Early COVID-19 Response ‘Defining Moment’ of International C-17 Wing

The Strategic Airlift Capability’s Heavy Airlift Wing sprung into action early in the COVID-19 pandemic to deliver desperately needed protective equipment within weeks in what became a “defining moment” for the program, the HAW’s commander said.

The 12-year-old SAC, which includes three Globemaster IIIs jointly purchased and flown by the U.S. and 11 other nations out of Papa Air Base, Hungary, is tasked with delivering materiel, especially humanitarian aid, for its member nations. The wing’s expertise in international operations and established diplomatic connections made it uniquely suited to provide quick and effective airlift at a time when its member nations needed it most, HAW commander USAF Col. James Sparrow said during a virtual SMi Group conference on international airlift on Dec. 2.

“This is where we came into the picture for our member nations, we have the capacity and capability to push through logistics and diplomatic processes and in hours versus days we can get our aircraft into the air very quickly,” Sparrow said.

An emergency response mission for humanitarian aid takes precedence over all others within the wing, so when the requests came, HAW’s C-17s quickly took to the air.

The first mission took place March 25, when the wing tasked a C-17 to airlift a load of personal protective equipment from South Korea to member nation Romania. The wing flew three missions to Romania, delivering 145 tons of equipment. Sparrow, who flew part of the mission, said the skies and runways at the time were empty because the world was slowing to a stop as lockdowns began.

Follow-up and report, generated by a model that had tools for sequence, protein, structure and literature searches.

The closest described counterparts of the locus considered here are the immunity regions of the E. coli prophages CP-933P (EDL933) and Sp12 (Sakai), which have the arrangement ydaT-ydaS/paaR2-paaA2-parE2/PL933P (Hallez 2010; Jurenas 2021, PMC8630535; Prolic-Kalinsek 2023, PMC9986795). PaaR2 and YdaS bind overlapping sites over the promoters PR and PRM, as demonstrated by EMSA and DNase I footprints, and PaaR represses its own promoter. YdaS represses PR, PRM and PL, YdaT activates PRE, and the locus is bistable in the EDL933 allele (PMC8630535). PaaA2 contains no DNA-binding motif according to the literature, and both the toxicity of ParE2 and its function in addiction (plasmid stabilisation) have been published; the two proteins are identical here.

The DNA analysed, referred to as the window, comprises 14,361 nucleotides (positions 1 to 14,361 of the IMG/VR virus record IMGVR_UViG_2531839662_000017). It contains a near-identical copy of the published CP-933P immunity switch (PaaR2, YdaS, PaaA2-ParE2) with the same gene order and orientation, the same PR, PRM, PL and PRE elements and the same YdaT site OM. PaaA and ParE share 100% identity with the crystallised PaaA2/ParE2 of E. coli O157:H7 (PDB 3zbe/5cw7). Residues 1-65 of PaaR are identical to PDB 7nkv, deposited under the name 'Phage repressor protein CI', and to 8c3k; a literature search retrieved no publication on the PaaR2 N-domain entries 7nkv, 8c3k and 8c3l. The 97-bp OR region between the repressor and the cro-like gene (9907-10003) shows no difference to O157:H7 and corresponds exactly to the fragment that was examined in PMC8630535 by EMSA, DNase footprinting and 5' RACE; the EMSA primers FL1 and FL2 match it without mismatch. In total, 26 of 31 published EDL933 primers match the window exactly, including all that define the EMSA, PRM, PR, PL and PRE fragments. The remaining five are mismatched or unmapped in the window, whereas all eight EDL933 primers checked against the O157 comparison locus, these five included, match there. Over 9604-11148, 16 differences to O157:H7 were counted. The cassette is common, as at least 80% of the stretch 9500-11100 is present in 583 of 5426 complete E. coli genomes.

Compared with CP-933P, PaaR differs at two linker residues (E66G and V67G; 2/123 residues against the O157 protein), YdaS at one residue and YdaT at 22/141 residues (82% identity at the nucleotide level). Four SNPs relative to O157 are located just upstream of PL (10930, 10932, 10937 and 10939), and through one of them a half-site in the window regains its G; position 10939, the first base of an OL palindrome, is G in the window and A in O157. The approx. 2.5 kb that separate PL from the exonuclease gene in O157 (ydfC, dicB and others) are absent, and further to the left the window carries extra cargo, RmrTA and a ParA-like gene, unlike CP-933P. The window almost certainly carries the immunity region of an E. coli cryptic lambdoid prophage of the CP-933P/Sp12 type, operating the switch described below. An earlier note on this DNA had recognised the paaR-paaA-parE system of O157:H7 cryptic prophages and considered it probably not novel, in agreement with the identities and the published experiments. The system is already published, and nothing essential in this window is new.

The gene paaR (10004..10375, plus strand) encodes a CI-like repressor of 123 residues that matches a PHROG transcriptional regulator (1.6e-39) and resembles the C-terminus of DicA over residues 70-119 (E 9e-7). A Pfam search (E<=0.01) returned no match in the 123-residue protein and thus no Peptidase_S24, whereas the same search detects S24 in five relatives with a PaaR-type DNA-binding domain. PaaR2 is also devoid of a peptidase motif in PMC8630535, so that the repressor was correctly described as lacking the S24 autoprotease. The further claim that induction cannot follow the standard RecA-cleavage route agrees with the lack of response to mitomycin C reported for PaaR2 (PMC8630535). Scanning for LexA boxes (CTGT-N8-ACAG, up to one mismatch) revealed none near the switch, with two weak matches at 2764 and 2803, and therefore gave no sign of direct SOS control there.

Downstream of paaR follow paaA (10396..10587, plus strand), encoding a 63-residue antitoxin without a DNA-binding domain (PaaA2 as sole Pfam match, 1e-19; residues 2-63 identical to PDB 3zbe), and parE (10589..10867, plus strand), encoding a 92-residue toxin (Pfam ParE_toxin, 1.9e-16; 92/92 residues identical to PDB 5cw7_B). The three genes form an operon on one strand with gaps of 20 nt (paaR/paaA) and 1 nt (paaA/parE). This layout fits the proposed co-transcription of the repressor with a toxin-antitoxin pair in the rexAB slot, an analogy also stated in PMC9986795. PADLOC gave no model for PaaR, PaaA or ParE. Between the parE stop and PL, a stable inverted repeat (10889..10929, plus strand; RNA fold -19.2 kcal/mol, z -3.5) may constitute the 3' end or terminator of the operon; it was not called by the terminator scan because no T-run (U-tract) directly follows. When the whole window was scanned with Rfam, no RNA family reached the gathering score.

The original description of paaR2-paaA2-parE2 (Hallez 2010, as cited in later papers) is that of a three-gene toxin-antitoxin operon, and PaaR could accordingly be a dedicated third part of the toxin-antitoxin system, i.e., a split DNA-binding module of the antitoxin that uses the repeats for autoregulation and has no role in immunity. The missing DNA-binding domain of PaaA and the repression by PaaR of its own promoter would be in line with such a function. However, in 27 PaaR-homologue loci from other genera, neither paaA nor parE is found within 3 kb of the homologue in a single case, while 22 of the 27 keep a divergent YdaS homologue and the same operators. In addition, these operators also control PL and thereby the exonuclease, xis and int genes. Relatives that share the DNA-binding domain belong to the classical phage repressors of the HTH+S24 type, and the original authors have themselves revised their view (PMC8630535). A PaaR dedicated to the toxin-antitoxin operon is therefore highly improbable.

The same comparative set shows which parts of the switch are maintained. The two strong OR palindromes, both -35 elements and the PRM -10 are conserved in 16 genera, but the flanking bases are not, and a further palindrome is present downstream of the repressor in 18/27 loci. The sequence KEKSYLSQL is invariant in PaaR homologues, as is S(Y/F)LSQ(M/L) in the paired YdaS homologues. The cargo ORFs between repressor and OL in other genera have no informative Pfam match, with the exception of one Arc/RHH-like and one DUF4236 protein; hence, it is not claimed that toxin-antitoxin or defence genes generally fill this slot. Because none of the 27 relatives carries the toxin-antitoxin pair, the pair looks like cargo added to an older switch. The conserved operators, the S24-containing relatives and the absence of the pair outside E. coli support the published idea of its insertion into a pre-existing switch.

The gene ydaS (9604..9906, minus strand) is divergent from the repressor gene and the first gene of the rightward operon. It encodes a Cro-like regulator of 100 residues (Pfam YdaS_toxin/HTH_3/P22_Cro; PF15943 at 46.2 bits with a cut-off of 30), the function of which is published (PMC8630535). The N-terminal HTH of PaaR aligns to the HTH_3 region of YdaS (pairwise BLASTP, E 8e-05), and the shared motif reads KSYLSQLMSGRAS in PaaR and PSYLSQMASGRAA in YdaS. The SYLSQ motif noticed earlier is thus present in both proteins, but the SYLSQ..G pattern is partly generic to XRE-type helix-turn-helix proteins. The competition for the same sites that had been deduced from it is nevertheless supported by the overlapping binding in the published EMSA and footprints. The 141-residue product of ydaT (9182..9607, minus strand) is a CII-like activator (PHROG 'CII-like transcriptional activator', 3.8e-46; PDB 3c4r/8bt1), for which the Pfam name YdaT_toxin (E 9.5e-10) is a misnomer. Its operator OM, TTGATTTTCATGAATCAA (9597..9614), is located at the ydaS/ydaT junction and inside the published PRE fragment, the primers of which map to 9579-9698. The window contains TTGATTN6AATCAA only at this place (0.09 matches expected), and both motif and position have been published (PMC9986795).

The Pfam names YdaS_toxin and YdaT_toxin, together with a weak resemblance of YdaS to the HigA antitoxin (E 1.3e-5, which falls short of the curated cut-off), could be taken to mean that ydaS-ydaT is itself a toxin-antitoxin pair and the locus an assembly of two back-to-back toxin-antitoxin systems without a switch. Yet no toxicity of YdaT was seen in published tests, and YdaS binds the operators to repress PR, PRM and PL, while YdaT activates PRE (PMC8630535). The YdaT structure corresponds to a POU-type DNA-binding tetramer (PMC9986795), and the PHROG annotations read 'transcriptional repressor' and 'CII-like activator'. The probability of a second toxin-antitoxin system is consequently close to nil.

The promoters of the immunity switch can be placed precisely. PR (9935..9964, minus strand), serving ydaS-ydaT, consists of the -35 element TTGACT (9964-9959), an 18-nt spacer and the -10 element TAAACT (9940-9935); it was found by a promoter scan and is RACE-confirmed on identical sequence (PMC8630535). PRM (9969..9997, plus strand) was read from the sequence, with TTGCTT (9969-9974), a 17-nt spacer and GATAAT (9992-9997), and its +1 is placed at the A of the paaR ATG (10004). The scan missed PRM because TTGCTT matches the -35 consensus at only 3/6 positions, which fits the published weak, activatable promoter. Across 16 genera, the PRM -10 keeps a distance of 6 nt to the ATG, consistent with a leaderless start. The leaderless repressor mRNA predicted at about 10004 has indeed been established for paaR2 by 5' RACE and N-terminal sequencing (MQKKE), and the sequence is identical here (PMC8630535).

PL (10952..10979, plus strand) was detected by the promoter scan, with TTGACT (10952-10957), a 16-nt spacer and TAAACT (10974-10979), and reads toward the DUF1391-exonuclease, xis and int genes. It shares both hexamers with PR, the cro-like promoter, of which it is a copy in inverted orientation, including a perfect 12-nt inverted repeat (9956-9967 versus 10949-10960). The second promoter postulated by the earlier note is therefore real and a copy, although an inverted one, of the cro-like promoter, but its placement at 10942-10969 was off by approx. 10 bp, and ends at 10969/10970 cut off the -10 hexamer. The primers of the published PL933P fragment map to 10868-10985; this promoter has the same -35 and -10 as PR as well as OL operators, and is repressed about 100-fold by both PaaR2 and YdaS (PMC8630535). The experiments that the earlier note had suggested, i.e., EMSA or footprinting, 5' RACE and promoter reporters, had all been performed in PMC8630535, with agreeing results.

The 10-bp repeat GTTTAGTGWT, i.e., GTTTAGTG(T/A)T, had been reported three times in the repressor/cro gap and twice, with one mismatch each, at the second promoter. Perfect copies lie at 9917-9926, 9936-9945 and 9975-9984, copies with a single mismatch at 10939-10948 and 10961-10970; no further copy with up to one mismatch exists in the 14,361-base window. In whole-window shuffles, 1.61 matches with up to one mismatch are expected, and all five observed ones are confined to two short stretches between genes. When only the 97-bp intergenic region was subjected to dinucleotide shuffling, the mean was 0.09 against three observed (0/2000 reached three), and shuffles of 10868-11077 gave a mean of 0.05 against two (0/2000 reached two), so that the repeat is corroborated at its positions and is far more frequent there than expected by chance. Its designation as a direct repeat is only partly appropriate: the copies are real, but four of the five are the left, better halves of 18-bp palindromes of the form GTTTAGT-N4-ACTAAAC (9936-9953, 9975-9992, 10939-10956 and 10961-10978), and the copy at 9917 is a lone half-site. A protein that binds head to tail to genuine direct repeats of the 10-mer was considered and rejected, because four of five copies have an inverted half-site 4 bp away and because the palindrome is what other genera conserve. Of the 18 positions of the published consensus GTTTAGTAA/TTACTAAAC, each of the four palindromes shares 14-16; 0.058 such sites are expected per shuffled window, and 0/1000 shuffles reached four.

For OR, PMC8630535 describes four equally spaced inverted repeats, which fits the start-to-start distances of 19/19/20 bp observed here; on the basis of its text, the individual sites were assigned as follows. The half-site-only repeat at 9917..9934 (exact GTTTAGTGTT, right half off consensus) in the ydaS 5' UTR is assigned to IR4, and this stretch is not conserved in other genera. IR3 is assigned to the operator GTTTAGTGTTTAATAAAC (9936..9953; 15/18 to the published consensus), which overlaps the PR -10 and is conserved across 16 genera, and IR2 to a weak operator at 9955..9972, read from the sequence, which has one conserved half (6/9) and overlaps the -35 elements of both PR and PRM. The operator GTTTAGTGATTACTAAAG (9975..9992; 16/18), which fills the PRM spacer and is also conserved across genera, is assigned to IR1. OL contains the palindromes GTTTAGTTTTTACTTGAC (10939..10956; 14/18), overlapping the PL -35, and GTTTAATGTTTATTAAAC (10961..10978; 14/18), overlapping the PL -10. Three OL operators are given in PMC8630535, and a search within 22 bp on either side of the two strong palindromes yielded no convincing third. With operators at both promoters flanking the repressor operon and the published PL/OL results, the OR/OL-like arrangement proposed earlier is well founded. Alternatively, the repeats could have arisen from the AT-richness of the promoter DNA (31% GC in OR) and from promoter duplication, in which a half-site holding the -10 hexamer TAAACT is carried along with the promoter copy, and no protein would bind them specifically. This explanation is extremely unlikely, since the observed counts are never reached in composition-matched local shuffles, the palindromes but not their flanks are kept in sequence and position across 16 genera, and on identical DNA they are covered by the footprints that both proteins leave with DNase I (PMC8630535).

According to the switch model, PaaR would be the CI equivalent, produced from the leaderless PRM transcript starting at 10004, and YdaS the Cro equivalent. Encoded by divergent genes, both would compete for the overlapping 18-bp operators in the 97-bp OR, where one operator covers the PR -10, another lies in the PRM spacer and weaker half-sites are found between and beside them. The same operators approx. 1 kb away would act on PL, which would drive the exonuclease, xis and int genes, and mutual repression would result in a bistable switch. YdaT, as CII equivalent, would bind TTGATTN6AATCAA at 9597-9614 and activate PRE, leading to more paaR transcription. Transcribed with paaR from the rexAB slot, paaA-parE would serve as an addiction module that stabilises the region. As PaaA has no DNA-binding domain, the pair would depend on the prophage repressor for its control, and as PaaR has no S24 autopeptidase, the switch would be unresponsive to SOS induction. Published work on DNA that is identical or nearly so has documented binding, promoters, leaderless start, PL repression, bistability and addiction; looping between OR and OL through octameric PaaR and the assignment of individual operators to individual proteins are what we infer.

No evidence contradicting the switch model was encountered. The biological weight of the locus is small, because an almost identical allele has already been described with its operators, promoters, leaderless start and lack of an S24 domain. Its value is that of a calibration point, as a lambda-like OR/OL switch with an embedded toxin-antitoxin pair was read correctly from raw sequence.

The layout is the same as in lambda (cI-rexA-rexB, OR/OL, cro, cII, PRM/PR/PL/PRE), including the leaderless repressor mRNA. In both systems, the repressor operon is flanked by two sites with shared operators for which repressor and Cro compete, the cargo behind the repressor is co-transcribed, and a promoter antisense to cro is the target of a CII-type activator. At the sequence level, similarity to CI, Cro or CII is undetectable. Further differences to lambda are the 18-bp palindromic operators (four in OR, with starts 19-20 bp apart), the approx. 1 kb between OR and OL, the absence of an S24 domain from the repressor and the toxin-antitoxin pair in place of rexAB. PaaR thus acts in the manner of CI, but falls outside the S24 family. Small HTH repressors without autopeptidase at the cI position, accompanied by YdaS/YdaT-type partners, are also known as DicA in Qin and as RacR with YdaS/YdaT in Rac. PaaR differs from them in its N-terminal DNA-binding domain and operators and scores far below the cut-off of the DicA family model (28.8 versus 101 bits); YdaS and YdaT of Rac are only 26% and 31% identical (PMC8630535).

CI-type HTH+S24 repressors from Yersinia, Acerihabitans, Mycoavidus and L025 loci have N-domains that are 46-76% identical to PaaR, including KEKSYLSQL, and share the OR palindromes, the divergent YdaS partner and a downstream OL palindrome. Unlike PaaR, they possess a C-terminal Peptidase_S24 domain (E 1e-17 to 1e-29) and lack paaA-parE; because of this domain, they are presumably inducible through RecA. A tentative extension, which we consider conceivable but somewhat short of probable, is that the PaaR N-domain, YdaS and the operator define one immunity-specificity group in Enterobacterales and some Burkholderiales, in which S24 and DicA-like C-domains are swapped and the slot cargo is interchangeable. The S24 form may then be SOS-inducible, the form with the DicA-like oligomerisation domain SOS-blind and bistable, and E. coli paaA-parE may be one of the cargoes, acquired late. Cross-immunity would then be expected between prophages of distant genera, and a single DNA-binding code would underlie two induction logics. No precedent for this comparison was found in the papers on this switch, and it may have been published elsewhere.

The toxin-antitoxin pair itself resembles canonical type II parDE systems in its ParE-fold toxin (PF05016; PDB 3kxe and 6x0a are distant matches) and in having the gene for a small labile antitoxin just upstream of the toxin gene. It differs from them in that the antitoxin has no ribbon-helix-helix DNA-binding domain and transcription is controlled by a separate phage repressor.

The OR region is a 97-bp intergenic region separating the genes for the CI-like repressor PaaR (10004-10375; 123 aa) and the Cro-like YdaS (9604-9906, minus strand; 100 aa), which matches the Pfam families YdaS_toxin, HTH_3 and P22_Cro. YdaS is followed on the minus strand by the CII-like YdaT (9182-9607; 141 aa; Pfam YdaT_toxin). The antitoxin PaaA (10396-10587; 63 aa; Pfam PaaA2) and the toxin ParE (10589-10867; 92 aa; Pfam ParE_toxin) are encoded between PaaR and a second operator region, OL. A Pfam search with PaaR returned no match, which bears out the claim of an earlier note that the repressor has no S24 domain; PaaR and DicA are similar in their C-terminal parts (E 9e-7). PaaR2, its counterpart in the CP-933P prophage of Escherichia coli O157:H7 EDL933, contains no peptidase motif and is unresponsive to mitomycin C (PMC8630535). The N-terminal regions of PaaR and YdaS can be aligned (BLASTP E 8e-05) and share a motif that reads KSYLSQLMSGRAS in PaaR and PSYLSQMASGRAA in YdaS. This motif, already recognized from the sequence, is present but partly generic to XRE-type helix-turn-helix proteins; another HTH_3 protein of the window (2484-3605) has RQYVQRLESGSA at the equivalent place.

“It was kind of eerie, because there was no one flying,” Sparrow said. “I mean, the airways were pretty much quiet. … It was quite deafening, the silence.”

On April 5, the Netherlands, another member nation, requested support to airlift mobile intensive care units to the Caribbean island of St. Maarten.

And on April 17, a HAW C-17 flew 20 tons of PPE and test kits from Beijing to Bulgaria. This mission marked the first time the consortium had flown into China, and required overcoming diplomatic and logistical challenges to accomplish it. The wing flew in additional personnel and their own pallets, and loaded boxes of equipment on the ground in China before returning.

The wing also helped its host nation on April 24, flying 45 tons of medical equipment from Malaysia to Budapest.

Sparrow said the wing’s three C-17s, which it has owned since its inception, are naturally facing maintenance issues as they age. That, coupled with increased taskings by member nations, has pretty much maxed out the wing. Although the wing is not currently considering adding airframes, more planes would be needed in the future if it were to expand its operations. If any new country were to join the consortium, they would need to work bilaterally with an existing nation to get a share of allotted flight hours, Sparrow said.

Since Boeing has ended the C-17 production line, this would require the USAF to sell the SAC second-hand C-17s, or other aircraft such as C-130s. Hungary recently purchased two Embraer KC-390 refueling and transport aircraft. While the country has not announced if they will be based at Papa Air Base or if they could be used in cooperation with the HAW, it is a “fascinating” idea, Sparrow said.

“I have not heard plans to actually base the aircraft here at Papa, to use them in cooperation with us, but that makes sense to me. I think, longer term, I would like to see that.”